Stop the presses! Physicists at the National Institute of Standards and Technology have made a new measurement of Planck’s constant to a highly accurate degree. It’s the latest step toward improving the official definition of the kilogram, the unit of mass that underpins our entire international system of weights and…
An Electronic Frontier Foundation (EFF) investigation just revealed an awfully Orwellian fact: the FBI is working with government researchers to develop advanced tattoo recognition technology. This would allow law enforcement to sort and identify people based on their tattoos to determine “affiliation to gangs,…
Ever had a burning desire to start your own robot army? Well, now might be your chance, provided you have $55,000 to spare. Someone is selling an experimental unmanned military vehicle on eBay. (Death ray not included.)
To make it difficult for law enforcement to trace stolen cars or weapons, thieves will usually grind off their metal vehicle identification numbers or serial numbers. And while techniques for trying to recover those numbers do exist, they're not as accurate as a new method developed by researchers at the National…
If you want to know exactly what time it is, head of over to Boulder, Colorado, where a fountain of cesium atoms ticks off the U.S.'s official time. It should be accurate for the next 300 million years. But don't be impressed—the world's actual most precise clock is a few miles away at a different lab in Boulder,…
The National Institute of Standards and Technology has unveiled a new atomic clock, and boy howdy is it accurate.
The tough thing about translation: You need someone who actually speaks both languages. Easy for Spanish to English, not so much for Swahili to Inuktitut. In the Plex by Steven Levy illustrates how Google's machine translations will revolutionize human communication.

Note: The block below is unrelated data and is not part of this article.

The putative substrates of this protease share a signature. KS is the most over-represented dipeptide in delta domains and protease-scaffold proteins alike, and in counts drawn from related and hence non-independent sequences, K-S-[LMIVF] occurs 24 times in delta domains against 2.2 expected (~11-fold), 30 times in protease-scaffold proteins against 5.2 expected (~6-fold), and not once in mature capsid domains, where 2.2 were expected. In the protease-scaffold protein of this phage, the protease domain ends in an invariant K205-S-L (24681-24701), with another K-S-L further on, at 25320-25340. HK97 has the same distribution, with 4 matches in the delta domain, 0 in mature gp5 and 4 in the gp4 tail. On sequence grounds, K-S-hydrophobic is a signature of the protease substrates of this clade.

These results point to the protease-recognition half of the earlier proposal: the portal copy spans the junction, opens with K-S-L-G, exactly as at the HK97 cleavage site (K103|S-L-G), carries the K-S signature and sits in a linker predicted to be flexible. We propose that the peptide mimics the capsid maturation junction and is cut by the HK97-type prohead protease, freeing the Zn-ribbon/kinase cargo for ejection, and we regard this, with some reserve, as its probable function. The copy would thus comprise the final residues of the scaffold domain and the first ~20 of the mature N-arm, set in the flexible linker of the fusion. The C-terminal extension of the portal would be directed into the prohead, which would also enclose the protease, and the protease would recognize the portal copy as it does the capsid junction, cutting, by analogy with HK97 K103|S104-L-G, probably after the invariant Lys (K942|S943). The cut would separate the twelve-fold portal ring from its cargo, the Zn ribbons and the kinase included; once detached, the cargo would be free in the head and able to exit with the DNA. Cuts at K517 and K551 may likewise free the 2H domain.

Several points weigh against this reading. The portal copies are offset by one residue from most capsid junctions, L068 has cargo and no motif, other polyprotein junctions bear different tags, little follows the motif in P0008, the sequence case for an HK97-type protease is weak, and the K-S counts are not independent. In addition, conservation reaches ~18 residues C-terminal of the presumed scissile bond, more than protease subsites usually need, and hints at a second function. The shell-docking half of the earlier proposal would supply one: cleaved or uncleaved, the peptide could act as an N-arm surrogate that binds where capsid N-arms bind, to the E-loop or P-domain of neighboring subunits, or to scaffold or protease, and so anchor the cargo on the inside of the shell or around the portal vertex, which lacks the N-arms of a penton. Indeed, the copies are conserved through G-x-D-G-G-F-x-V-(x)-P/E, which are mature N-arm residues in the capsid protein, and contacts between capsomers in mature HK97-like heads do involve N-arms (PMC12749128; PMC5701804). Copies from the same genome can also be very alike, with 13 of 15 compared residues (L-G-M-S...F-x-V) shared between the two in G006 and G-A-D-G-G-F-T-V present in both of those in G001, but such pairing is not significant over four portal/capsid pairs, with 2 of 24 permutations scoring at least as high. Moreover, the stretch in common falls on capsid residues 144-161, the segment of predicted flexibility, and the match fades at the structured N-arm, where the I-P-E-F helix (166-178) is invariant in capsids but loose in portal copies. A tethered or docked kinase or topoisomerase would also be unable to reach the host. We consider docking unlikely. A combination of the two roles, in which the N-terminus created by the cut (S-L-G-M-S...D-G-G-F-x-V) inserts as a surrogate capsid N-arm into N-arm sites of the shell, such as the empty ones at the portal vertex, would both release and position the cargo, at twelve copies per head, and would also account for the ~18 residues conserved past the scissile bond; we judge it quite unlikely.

The National Institute of Standards and Technology doesn't just produce technical specifications for everything from wifi to voting machines - they also have a digital archive devoted to the study of early technology. But they need your help to identify some of the objects they've collected.
O Tannenbaum, O Tannenbaum, you really are quite frightening! At least, you are after I've seen you burn down a living room in less than 60 seconds. Remember last year's video? It gets worse.
France holds the world's standard for the kilogram weight. It's a cylinder-shaped object that has dictated all other kilogram weights for 130 years now. As it's made from platinum-iridium though, the US is concerned it's no longer accurate. Whoops?
Up until now, crime scene investigators have relied mainly on sniffing-dogs to discover buried bodies, but a probe with the thickness of a human hair could send the doggies off to early retirement if scientists have their way.
As Make puts it, the atomic clock is old and busted. The quantum-logic clock from National Institute of Standards and Technology, keeping time 100,000 times more accurately than its predecessor, is definitely the new hotness.
In the future, quantum computers will accomplish in seconds what would take years with our best computers today. Physicists at NIST have made a significant leap towards this goal by demonstrating the first "universal" programmable quantum information processor.
Over 400 million transistors are packed on dual-core chips manufactured using Intel's 45nm process. That'll double soon, per Moore's Law. And it'll still be like computing with pebbles compared to quantum computing.
"The robots are the mouse and the dolls are the cheese," US National Institute of Standards and Technology's Adam Jacoff (heh heh, sorry dude) told the New Scientist. Points go for the speediest contender, as well as the one who can best draw a map of the maze. We doubt you'll see this clawed beast, or this …